In an Uncharted Country
by Clifford Garstang
Winston-Salem, North Carolina: Press 53, 2009
204 pages. $14, paper.
Clifford Garstang’s debut book, In an Uncharted Country, helps decipher a familiar world, a country that many dwell in and yet may not know. With recognizable plotlines and characters who might live next door, the prizewinning author transforms the ordinary view into a rare vista.
Almost all of the stories that comprise In an Uncharted Country have previously appeared in literary journals. But the collection presents these stories at their best—as the intricate concatenation they are. Garstang offers a short story cycle that follows the tradition of Sherwood Anderson, James Joyce, and Ernest Hemingway. As is the modus operandi of his predecessors, Garstang binds his collection with many threads. Characters reappear. The young Tim and Teddy of the first story are grown by the last.
The stories are thematically linked, each revealing another version of grief, a reconsideration of gender and familial roles. The book charts generational reminiscences and resists the idea that “adult” and “child” are distinct identities. Its characters try to gain a secure footing as they tread the same ground—both metaphorically and literally. The stories share a location: the fictional town of Rugglesville, in western Virginia. This setting is a living force, dynamically shaping those who populate this book. A porch serves as an emotional threshold. A flood wipes out a bridge and hinders people’s ability to navigate. A burning tree spreads its flames and offers a sign, an embodiment of startling youth. The weather ebbs away, concurrent with a wife’s faint breaths. The sky helps narrate a relationship in the lines, “He just looked over at her once in a while as if to make sure she was still there. Wood smoke drifted through the open windows. The night sky was dense.”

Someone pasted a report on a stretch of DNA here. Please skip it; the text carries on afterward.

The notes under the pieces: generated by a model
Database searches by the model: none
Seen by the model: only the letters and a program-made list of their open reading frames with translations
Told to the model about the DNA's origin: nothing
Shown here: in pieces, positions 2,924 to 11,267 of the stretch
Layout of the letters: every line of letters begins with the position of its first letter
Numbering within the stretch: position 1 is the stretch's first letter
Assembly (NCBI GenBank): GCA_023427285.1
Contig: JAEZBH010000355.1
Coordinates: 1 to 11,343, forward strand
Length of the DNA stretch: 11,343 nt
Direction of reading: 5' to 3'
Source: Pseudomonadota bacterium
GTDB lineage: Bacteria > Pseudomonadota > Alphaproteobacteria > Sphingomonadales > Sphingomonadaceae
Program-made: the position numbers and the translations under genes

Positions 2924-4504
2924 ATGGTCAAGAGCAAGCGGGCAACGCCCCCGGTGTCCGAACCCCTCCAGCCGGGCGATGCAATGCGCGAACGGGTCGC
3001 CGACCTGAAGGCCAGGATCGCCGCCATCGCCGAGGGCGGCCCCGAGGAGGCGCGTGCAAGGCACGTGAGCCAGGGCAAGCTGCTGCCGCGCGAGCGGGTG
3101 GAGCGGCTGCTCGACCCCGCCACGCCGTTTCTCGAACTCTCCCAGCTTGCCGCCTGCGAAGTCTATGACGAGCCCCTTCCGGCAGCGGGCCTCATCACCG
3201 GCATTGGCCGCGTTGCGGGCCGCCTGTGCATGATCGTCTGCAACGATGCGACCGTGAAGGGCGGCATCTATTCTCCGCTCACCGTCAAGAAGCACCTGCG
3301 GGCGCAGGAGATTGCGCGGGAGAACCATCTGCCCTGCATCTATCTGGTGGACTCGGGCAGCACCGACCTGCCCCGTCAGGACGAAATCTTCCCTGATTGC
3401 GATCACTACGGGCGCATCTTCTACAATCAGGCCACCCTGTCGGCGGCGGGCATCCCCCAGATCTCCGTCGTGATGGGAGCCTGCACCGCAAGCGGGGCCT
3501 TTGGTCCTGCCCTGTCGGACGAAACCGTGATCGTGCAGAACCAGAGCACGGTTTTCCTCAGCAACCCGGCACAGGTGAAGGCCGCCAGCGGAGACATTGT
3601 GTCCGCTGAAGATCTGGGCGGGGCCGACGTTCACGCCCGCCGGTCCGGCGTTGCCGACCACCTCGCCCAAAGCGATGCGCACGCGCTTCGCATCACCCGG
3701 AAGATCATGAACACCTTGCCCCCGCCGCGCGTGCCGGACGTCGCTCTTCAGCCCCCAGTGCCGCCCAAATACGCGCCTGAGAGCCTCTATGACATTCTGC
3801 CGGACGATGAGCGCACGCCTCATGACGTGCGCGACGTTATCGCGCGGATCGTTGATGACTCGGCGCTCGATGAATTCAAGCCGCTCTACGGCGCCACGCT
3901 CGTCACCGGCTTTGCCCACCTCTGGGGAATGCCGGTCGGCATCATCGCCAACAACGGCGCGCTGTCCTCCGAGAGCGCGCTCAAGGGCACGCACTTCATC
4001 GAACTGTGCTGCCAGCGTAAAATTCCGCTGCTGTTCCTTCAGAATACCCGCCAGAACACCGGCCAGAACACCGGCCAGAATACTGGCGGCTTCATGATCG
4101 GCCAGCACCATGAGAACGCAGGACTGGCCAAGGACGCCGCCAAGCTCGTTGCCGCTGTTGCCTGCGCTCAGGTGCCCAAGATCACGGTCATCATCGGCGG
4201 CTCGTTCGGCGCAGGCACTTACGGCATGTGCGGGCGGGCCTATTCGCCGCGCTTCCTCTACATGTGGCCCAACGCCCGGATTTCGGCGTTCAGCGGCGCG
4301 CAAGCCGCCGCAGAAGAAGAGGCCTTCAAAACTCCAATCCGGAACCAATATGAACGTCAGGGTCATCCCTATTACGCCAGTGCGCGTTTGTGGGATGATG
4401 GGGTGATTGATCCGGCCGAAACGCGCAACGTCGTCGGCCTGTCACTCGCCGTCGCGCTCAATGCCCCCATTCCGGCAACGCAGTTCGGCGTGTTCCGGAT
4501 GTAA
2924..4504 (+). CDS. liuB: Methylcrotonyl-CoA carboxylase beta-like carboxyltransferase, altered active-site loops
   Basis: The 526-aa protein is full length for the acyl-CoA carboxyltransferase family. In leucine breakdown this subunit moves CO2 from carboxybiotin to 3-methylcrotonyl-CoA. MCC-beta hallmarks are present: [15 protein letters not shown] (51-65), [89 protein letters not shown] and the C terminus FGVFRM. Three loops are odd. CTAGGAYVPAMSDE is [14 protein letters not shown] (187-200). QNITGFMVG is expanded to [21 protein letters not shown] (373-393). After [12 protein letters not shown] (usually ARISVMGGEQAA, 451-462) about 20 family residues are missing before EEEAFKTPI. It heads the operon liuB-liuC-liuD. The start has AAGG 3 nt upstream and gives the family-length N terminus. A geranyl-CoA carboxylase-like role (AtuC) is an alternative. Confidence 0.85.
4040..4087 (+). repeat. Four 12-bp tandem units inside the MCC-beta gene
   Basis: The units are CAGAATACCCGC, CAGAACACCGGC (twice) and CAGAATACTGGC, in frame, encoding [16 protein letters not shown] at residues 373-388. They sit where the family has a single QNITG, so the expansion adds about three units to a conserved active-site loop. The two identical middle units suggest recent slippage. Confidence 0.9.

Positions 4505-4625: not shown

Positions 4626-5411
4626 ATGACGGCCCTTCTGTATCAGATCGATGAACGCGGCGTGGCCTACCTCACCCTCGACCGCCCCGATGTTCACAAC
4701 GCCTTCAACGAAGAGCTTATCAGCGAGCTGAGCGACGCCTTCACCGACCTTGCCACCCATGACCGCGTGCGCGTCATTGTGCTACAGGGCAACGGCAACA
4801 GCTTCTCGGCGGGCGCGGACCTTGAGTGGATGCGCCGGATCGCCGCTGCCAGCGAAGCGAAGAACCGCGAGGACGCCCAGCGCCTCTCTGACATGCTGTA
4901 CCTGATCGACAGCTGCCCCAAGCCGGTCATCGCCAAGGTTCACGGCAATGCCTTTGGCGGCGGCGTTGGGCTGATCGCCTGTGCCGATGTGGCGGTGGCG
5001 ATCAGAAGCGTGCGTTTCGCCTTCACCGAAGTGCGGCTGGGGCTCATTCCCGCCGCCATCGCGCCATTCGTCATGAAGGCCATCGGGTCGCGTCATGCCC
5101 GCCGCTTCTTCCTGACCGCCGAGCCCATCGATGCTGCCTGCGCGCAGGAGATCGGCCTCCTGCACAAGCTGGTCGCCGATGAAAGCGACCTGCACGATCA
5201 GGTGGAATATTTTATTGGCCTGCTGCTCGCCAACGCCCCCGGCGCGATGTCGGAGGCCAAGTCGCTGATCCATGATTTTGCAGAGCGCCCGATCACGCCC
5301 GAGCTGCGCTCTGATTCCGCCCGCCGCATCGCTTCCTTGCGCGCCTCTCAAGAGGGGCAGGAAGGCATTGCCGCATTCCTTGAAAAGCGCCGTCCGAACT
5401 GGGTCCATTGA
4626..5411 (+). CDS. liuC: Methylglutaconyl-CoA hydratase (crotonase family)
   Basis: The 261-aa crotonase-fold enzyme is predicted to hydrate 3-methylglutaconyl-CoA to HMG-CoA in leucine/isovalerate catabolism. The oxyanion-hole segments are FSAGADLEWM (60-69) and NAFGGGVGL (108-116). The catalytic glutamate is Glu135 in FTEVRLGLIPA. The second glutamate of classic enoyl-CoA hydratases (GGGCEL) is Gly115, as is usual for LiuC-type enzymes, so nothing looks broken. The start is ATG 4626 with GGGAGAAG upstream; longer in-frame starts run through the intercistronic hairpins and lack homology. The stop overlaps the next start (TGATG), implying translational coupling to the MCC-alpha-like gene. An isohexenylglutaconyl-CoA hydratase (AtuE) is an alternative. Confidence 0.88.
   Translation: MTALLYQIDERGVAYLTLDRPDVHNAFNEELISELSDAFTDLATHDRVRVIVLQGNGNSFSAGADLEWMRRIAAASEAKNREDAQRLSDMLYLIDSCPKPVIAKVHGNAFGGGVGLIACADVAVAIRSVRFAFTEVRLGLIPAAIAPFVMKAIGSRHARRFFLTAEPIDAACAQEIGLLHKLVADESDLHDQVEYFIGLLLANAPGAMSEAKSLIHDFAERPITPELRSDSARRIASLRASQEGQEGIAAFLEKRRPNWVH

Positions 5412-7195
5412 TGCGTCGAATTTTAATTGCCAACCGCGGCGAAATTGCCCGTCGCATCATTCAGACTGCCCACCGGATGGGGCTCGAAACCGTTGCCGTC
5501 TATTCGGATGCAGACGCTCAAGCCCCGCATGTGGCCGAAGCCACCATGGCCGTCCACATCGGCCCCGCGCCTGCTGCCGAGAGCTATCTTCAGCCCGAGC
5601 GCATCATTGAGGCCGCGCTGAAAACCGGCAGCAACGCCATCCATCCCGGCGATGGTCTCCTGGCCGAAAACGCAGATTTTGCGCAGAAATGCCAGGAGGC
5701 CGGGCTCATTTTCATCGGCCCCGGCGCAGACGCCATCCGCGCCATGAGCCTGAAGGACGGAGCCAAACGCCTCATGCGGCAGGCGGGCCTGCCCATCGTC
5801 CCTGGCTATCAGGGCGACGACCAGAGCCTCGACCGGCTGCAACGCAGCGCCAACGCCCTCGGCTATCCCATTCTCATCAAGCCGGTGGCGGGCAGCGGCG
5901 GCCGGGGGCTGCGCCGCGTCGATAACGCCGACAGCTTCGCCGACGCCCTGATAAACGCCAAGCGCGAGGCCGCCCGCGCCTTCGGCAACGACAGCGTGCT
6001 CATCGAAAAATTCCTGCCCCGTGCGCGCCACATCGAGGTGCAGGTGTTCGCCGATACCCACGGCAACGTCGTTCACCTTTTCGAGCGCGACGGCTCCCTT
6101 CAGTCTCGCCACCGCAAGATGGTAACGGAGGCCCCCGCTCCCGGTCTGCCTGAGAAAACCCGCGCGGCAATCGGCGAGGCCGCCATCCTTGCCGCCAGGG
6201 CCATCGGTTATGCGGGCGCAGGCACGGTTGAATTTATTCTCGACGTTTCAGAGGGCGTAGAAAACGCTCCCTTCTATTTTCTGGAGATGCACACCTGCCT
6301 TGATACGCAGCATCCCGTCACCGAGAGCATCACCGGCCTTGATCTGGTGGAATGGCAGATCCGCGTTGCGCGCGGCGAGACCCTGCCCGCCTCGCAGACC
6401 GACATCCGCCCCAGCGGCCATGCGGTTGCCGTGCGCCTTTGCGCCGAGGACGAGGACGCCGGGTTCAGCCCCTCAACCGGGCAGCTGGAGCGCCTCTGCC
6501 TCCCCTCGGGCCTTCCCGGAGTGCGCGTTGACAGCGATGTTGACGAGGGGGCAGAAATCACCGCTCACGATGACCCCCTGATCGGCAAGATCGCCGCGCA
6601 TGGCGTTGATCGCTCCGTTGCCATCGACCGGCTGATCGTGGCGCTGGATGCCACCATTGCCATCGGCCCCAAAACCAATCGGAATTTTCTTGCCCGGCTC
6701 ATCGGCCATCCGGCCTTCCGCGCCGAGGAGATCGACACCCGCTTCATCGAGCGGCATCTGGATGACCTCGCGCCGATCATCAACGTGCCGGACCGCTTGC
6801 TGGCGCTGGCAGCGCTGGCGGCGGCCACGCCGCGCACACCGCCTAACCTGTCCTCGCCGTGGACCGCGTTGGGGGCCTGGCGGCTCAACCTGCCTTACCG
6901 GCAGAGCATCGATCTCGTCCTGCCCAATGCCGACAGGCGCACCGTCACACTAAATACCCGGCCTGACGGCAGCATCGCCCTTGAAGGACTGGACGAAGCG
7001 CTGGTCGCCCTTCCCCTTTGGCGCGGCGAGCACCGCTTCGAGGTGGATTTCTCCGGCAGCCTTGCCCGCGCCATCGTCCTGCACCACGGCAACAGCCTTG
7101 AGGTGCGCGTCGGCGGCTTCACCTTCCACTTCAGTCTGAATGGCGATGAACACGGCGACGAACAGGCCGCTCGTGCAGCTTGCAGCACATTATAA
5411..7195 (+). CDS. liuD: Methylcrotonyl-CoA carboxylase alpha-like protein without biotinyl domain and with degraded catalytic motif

Yet, as much as the stories bear resemblances, this is not a collection of assembly-line creations put together with the same fundamental parts. Rather, Garstang’s techniques are varied, and each character speaks with a distinctive voice.
Read Garstang for his handle on craft, his ability to imply. Read the book because it’s a navigational tool. With clear-eyed precision, it maps the unseen: It draws out how we locate ourselves in a world of knotty relations and turbulent climates. It accesses the unreachable parts of an identity. It grants sight of others’ private days. In a sense, the book trespasses for us, enters an off-limits site. Follow it.